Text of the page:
Kurt the CyberGuy Sues KTLA for Breach of Contract, Age Discrimination

By Merrill Knox 

Kurt Knuttson, better known by his on-air persona “Kurt the CyberGuy,” is suing KTLA and several other Tribune stations for breach of contract and age discrimination, according to The Hollywood Reporter.

Knuttson joined KTLA, Tribune’s CW affiliate in Los Angeles, as a technology reporter in 1995. He agreed to provide his reporting to KTLA in exchange for exposure, and within two years, his reports were being syndicated to other Tribune stations.

In 2008, he signed a five-year deal with the station, but two years later, his contract was terminated. Knuttson says he was informed that the deal would be renegotiated, but that he would be paid less. In 2011, he was informed he would no longer appear on the air.


THR has more details on Knuttson’s version of what happened next:

Despite being let go, Knutsson says his name and image continued for some time on the TV station’s websites, but when a viewer clicked on the link, they were shown consumer technology reports by Rich DeMuro instead, that were broadcast from the same studio as CyberGuy, with the same format and style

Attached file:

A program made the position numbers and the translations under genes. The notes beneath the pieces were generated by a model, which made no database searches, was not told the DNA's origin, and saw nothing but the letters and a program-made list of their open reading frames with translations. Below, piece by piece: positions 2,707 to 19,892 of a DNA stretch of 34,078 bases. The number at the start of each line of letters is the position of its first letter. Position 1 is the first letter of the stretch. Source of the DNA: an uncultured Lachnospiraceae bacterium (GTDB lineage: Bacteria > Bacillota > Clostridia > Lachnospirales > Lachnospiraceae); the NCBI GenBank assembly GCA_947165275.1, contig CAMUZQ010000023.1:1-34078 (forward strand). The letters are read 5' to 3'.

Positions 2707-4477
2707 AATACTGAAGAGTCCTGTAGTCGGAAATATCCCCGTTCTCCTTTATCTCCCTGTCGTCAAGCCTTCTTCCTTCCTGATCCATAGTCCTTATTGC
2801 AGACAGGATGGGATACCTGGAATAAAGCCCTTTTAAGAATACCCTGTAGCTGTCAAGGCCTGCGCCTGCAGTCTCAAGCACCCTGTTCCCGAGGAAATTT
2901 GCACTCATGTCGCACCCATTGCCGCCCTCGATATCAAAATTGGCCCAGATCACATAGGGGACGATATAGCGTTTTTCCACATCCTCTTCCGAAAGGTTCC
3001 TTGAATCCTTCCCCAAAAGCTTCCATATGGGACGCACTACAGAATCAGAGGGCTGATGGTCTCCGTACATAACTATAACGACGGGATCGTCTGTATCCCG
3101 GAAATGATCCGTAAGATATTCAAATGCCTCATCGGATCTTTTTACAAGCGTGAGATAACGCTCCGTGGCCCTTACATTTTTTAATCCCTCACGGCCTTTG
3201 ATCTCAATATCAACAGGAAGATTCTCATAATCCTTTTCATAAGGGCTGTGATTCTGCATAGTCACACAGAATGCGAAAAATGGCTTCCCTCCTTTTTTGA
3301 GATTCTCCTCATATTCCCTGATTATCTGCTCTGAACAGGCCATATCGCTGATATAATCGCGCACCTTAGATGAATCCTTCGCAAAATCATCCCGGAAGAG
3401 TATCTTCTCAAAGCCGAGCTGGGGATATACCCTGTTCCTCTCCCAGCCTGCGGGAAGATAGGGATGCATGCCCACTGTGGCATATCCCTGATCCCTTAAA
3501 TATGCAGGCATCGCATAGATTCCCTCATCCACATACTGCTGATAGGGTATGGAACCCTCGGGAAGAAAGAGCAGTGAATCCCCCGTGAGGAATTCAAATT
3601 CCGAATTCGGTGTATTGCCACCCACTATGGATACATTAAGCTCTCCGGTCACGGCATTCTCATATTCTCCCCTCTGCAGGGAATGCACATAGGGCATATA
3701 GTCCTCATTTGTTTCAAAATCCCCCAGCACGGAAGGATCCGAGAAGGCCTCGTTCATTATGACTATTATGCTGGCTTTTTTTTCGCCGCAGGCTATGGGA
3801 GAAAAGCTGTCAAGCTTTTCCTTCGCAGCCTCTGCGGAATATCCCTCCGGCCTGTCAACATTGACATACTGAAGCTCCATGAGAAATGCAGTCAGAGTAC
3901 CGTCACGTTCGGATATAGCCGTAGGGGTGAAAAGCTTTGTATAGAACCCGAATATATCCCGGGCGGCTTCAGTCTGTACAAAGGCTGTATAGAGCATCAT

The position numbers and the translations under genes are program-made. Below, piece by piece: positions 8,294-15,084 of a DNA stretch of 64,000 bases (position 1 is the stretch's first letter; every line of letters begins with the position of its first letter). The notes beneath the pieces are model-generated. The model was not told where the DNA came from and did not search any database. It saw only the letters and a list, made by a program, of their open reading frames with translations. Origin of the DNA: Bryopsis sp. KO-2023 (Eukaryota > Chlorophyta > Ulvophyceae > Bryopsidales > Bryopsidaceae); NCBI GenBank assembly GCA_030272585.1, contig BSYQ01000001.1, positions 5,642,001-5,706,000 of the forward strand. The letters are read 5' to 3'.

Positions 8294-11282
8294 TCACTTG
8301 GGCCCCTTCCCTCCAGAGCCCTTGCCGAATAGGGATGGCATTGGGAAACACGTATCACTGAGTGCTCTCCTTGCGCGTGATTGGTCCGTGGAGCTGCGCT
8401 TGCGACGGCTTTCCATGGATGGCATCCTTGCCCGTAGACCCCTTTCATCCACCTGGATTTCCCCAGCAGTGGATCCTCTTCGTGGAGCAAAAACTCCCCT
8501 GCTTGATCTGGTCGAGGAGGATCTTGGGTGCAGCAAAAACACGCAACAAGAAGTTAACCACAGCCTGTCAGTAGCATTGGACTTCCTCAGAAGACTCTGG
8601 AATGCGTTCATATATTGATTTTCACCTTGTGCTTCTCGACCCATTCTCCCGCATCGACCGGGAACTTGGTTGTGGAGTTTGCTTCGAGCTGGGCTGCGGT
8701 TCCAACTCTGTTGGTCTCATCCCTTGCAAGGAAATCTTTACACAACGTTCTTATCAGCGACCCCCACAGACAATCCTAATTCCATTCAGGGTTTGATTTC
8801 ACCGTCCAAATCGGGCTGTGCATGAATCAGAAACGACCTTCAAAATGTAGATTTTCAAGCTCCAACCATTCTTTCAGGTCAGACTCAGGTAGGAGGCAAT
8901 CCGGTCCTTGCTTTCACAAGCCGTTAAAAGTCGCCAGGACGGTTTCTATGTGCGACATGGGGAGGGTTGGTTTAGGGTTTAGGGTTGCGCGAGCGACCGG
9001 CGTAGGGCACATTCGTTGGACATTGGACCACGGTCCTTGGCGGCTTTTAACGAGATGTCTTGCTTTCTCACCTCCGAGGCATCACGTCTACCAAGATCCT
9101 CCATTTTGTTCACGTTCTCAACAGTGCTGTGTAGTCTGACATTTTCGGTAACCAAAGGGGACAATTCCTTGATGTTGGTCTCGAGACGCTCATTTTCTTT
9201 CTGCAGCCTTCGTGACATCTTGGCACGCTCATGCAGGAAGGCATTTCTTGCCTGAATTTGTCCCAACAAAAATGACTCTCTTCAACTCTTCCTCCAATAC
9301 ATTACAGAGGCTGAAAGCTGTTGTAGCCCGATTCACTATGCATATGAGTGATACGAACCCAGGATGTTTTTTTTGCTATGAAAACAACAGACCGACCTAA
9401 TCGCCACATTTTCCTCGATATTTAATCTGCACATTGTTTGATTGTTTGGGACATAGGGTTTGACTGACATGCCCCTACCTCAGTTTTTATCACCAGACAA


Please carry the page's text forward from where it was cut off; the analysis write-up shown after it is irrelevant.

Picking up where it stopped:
KTLA and the other stations never announced his departure to viewers. He says they also “manipulated content descriptions (keywords and metatags) in order to produce misleading results from common search engines so persons seeking Knutsson were routed to (DeMuro).”

“KTLA derived millions of dollars in net revenue from new business in respect of CyberGuy broadcast programming,” says the suit, “but KTLA failed and refused and continues to refuse to pay (Knutsson)” the 20 percent of those revenues he should receive.

Knuttson says the decision to terminate his employment was motivated “by a company bias against age, specifically with regard to on-air talent.” He is seeking unspecified damages and legal fees.